Another aspirin-related effect may involve your gums and other soft tissues. You may notice gum tissue bleeding after brushing or flossing; while this is normally a sign of periodontal gum disease, it could also be the result of your aspirin therapy. The only way to know for sure is to schedule a visit with us to examine your gums.

When it comes to aspirin or other blood-related therapies, the key is to communicate your health status with us, including all medications you are taking. With that knowledge we can provide you with the most informed and safest dental care we can.

If you would like more information on the effects of aspirin on your dental care, please contact us or schedule an appointment for a consultation. You can also learn more about this topic by reading the Dear Doctor magazine article “Aspirin: Friend or Foe?


By Edward Joseph, D.D.S.
April 17, 2014
Category: Oral Health
LooseTeeth-ASignofTroubleThatRequiresQuickAction

Loose teeth are an exciting rite of passage in childhood; in adulthood, they're anything but. In fact, a permanent tooth that feels loose is a sign that you need to make an appointment with our office right away. The quicker we act, the better chance we will have of saving the tooth.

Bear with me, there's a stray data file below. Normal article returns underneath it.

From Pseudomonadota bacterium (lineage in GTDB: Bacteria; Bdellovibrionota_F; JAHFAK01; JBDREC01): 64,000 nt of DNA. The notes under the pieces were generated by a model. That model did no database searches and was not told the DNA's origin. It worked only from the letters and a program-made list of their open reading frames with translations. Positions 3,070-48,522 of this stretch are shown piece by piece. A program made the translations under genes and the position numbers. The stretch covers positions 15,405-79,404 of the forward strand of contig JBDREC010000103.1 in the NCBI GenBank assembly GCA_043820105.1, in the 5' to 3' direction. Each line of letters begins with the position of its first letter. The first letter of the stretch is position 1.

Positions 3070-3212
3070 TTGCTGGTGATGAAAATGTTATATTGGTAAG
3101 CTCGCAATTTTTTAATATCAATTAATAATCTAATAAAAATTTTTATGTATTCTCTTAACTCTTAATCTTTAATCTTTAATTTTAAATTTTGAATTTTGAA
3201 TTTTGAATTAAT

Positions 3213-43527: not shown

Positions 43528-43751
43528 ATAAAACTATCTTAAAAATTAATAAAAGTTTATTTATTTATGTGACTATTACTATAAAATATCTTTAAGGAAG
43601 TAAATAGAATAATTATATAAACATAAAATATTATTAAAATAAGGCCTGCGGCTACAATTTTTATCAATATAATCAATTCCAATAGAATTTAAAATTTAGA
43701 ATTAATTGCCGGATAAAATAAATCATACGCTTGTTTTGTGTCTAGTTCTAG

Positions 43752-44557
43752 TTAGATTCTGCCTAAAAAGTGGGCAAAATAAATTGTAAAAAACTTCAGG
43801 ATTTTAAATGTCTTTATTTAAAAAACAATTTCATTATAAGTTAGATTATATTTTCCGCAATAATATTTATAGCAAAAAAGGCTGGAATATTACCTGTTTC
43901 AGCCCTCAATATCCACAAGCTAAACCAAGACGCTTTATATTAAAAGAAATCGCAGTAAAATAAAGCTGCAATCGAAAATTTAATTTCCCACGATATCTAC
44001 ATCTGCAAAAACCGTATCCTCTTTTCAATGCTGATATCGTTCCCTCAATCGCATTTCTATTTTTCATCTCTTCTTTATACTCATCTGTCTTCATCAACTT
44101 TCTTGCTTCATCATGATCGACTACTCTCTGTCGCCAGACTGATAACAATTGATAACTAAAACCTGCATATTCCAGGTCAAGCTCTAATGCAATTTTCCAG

What causes loose teeth? In the absence of a traumatic dental injury, the culprit is usually periodontal (gum) disease. This is a bacterial infection of the gum and/or bone tissues that surround and support your teeth. The infection is caused by bacterial plaque that sits on your teeth in the absence of effective oral hygiene. Over time, periodontal disease will cause gum tissue and eventually bone to detach from the teeth. As more of this supporting tissue is lost, the teeth will gradually become loose and (if the disease remains untreated) eventually fall out.

Loose teeth can also be caused by a clenching or grinding habit that generates too much biting force. This force can stretch the periodontal ligaments that join the teeth to the supporting bone, making your teeth looser.